New Pension Death Benefit rules: what are they and how they will impact on your inheritance tax and estate planning
- Credit: Archant
From the 6 April 2015 it’s all change for the rules and regulations relating to Pension Death Benefits for Defined Contribution Pension Schemes - and it’s important for you to be sure of where you stand so you can be financially savvy about your future options.
We’ve asked Chartered Financial Planner and Director of Derbyshire’s Midland Financial Solutions Kevin Edwards to offer his expert opinion on this complex area…
“Not everybody wants to talk about financial planning for when you pass, however, it’s one of those things that will really matter to the loved ones that you leave behind. Of course it’s a personal choice, but I’d rather know I’d done the best I could for my loved ones so that they are financially secure after I’m gone – it’s one of the many reasons I trained as a Chartered Financial Planner. The trouble is, the current financial rules are so complex, it’s often difficult as a lay person to know where to start, and Pension Death Benefits are no exception.
“The key factor from 6 April 2015 will be the age of death,” says Kevin. “And, as before, there are differences on what you can do depending on if your funds are uncrystallised (not drawn on yet/no money has been taken from the pension) or crystallised (where money has been taken from the pension).
“Currently, if you’re under age 75 when you pass away, you’ll be able to ensure lump sums from uncrystallised funds can be passed on tax-free, lump sums from crystallised funds can be passed on less a 55% tax charge and income can only be paid to a dependent, taxable at the recipient’s marginal rate.
“However, from 6 April this year you will be able to pass on lump sums from crystallised funds, tax free – although these lump sum payments must be made within two years of the date of death, otherwise a tax charge will apply.
“You’ll also be able to have your income paid to anyone, not just a dependent – and tax-free! But again, the income designation must be made within two years of the date of death; otherwise a tax charge would apply.
“If your death occurs when you are aged 75 or over, you’ll now be able to pass on lump sums from crystallised or uncrystallised funds, less a 45% (instead of 55%) tax charge, with income being paid to anyone (not just a dependent). And from 2016/17 this will revert to being taxed at the recipient’s marginal rate of Income Tax.
- 1 20 of the best places to eat out in St Ives
- 2 WIN a holiday to the Isles of Scilly worth £1000
- 3 For sale: Yorkshire's dreamiest coastal view
- 4 Win a 2 night beach stay at The Beachcroft Hotel in Sussex
- 5 WIN a stay at Hornington Manor's new shepherd huts
- 6 5 up-and-coming Sussex artists to watch in 2021
- 7 5 of the best day trips in Yorkshire
- 8 WIN a hamper of Sky Wave Gin worth £170
- 9 20 of the best restaurants in Hertfordshire
- 10 10 National Garden Scheme open gardens to visit in Derbyshire this summer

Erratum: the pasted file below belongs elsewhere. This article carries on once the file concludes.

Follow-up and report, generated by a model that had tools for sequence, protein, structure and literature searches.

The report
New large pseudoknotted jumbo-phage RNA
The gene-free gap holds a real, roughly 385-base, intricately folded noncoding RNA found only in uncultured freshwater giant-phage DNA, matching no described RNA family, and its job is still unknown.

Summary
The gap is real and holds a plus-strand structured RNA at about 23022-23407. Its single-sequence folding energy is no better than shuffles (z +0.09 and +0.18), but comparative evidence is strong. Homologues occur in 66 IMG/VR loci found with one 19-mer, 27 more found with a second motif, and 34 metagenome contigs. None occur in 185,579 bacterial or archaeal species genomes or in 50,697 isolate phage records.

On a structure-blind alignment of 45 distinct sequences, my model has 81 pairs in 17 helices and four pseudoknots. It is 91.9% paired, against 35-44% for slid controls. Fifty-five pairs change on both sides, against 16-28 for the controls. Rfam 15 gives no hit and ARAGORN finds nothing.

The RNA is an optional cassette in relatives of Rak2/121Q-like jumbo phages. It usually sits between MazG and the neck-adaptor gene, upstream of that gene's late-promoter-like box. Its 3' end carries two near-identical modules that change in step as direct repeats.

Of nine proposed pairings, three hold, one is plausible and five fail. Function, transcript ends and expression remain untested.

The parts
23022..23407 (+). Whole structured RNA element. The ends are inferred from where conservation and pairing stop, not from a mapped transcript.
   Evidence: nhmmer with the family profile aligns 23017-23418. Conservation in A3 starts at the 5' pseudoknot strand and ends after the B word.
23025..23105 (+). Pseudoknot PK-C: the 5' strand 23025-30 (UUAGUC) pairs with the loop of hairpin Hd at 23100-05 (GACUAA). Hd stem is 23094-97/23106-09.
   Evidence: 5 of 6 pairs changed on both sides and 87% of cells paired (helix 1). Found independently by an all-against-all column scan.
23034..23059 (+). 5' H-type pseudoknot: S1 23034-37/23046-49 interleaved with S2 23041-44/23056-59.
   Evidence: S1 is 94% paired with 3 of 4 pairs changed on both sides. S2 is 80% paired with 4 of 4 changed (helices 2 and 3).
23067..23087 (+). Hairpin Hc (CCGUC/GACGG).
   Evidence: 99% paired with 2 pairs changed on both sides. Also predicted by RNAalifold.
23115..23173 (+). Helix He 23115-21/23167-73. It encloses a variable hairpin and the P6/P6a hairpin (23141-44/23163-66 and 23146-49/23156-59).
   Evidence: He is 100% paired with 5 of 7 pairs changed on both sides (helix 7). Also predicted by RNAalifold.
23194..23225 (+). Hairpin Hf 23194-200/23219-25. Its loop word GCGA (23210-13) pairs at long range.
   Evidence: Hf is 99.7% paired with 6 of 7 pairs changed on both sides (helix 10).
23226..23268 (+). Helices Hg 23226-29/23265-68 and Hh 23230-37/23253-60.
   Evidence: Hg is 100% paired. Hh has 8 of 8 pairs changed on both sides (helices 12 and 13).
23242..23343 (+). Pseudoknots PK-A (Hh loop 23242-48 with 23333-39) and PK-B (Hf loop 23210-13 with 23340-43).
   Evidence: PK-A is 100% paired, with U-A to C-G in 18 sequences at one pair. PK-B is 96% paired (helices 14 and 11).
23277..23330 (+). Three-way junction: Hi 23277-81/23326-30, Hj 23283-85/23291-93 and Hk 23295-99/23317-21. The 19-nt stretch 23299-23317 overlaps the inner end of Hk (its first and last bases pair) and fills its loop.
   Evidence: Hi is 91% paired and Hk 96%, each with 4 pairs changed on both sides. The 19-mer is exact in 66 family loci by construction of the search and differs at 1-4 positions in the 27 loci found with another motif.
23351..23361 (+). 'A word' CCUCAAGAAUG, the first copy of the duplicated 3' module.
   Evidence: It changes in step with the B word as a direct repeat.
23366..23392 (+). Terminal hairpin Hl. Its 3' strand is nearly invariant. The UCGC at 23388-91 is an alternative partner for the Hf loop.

“When it comes to the topic of ‘Generation Planning’ i.e. planning for your children and their children’s secure financial futures, there are also some changes of note to the current rules. The Beneficiary of a pension fund on the death of a member can subsequently make their own ‘Expression of Wishes’. This means that your fund can potentially be passed on again and again. This potentially allows for the pension fund to continue to grow almost tax-free, whilst not forming part of any beneficiary’s Estate for Inheritance Tax (IHT) purposes.
“If you think about it, this could significantly change the way you may plan to pass on your Estate. For example, we have clients who’s Estates are worth significantly more than the IHT ‘Nil Rate Band’ (£325,000 until at least the 2018/19 tax-year) who are currently taking the maximum Pension Income Drawdown to deliberately erode their pension fund over time, leaving their personal assets to continue to grow, as otherwise on their death their pension fund would suffer a 55% tax charge (higher than the 40% IHT on personal assets!).
“However, under the new rules anyone who has not yet reached age 75 should seriously reconsider their IHT and Estate planning, as in the example above their pension fund could now potentially be passed on completely tax-free on their death, whilst personal assets would suffer a 40% IHT charge – so it might now be best to erode personal assets first instead!
“There are also some logistical details to consider. For example, the new rules apply for payments of Pension Death Benefits on or after 6th April i.e. it is not determined by the date of death. Therefore if a pension scheme member died before 6th April 2015, but the payment of death benefits could be deferred to 6th April then the new rules could apply.
“And everyone should be aware that just because changes are allowed under legislation, not all pension providers will offer this death benefit flexibility.
“If you take anything from this article, then review any existing Expression of Wishes/Death Benefit Nomination that you have made for your pension funds (or make one if you haven’t already done so), as otherwise your pension may not pass on as tax efficiently as you’d wish and those that rely on you will miss out.”
for further information please contact Midland Financial Solutions Ltd on 01332 345546
• Midland Financial Solutions Ltd is Authorised & Regulated by the Financial Conduct Authority (FCA).
• The FCA does NOT regulate taxation advice.
• This article does NOT constitute advice and you should seek professional advice that is suitable for your own circumstances.
• The value of investments can fall as well as rise and you may receive back less than you originally invested.
• Based on current legislation and HM Revenue & Customs practice and current rates of tax, which could change in the future.